When sea level rose as glaciers melted, the survived intertidal species might experience demographic expansion and occupy the new habitat quickly [69]. Significant population size changes have been illustrated for the ECS and SCS lineages using coalescent-based approach EBSP, both of which started from 600 000 years ago in the middle Pleistocene. The expansion was corroborated by the results of mismatch distribution and neutrality tests for lineages of each marker (Table 3). However, these two lineages carried different genetic signatures of evolutionary history within marginal seas: the existence of several abundant haplotypes (H.1–H.3) and the relatively high haplotype diversity indicated that the ECS was the intensive region of genetic diversity going through long-term accumulation of mutations, while the history for the SCS might be much shorter. No significant expansion had been detected for the JPS lineage either by the EBSP analysis or the corresponding neutral tests. This may be due to the relative stable environmental changes in the JPS [5] or insufficient sampling of JPS populations in this study.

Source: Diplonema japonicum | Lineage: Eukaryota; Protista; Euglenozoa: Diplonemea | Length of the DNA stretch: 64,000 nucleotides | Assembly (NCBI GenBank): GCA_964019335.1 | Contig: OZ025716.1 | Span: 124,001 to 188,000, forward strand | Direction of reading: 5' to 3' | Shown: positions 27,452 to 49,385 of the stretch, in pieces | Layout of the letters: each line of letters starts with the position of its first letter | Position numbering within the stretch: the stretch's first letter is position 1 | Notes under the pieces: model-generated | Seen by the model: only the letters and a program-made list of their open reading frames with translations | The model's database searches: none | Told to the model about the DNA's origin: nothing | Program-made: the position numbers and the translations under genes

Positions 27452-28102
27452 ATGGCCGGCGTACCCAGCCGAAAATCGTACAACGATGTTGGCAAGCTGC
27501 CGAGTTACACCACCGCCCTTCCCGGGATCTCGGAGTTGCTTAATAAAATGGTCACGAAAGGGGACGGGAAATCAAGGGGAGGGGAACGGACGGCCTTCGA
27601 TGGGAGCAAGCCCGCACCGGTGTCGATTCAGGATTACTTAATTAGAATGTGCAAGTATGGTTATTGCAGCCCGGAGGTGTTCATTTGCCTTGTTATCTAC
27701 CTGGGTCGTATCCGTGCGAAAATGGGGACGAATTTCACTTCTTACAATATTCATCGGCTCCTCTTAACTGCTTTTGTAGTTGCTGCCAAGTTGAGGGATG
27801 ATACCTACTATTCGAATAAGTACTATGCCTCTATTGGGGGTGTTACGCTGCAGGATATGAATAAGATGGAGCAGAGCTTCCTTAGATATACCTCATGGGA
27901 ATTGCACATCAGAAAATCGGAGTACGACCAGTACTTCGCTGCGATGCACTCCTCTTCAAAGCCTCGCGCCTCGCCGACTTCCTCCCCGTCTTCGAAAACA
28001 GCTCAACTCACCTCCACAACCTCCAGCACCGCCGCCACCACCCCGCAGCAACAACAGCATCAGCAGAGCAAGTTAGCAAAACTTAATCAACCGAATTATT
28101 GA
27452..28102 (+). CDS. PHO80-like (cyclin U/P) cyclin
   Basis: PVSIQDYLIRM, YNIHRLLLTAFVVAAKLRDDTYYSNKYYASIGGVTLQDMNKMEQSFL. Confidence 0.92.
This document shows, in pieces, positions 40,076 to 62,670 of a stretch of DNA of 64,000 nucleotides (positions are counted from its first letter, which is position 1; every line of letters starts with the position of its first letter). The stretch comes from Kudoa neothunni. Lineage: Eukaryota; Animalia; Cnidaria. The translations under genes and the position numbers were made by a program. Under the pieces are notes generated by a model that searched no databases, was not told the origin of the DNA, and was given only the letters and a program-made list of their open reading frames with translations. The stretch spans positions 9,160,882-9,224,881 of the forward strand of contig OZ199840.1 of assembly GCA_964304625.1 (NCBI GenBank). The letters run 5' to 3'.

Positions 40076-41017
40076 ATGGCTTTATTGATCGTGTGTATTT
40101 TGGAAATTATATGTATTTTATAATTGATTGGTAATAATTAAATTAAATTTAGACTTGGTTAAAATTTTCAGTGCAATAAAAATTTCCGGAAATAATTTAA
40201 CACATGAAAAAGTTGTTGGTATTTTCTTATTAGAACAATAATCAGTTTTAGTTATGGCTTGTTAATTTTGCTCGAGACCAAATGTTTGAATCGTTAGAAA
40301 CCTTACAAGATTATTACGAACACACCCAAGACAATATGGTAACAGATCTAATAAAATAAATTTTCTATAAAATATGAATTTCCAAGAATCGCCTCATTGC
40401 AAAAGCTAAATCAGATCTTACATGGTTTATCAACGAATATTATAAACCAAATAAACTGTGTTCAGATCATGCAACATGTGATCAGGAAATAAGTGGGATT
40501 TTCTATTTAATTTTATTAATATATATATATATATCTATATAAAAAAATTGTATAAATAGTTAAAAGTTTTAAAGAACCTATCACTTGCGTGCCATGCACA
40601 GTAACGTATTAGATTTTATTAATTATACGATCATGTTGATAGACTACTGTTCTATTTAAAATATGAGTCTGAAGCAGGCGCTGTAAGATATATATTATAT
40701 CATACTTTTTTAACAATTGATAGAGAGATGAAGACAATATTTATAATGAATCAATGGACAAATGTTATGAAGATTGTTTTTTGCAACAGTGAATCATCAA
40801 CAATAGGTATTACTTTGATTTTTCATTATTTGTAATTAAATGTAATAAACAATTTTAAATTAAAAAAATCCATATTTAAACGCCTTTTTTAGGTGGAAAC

Postglacial range expansions might bring formerly isolated lineages into secondary contact at suture zones [79], [80]. In discordance with the two suture zones (ECS/JPS and ECS/SCS) revealed for marine fish [4] and mitten crab [5], secondary contact for C. sinensis was only observed between ECS and SCS lineages in a narrow geographic range from Xiapu (site 15) to Xiamen (site 16). No significant relationship was found between genetic and geographic distances for either ECS or SCS populations, indicating a non-IBD model of gene exchange within each sea. The IBD pattern observed for all China samples was mainly due to genetically divergent populations from either side of the suture zone were included. Although the CCC connects the ECS and SCS with a common velocity of 20 cm/s in summer [13] and the WKCC entered into the JPS, gene flow promoted by these currents among the three seas seems limited. This is most likely attributable to the low-dispersal ability of the clam and the existence of small but persistent reciprocal flow and rotating flow along coastal areas [81], which impede the exposure of larvae to currents and their ability to be transported effectively. Alternatively, there may be unseen selective gradients (such as temperature and salinity) maintaining spatial segregation of the lineages which need further confirmation.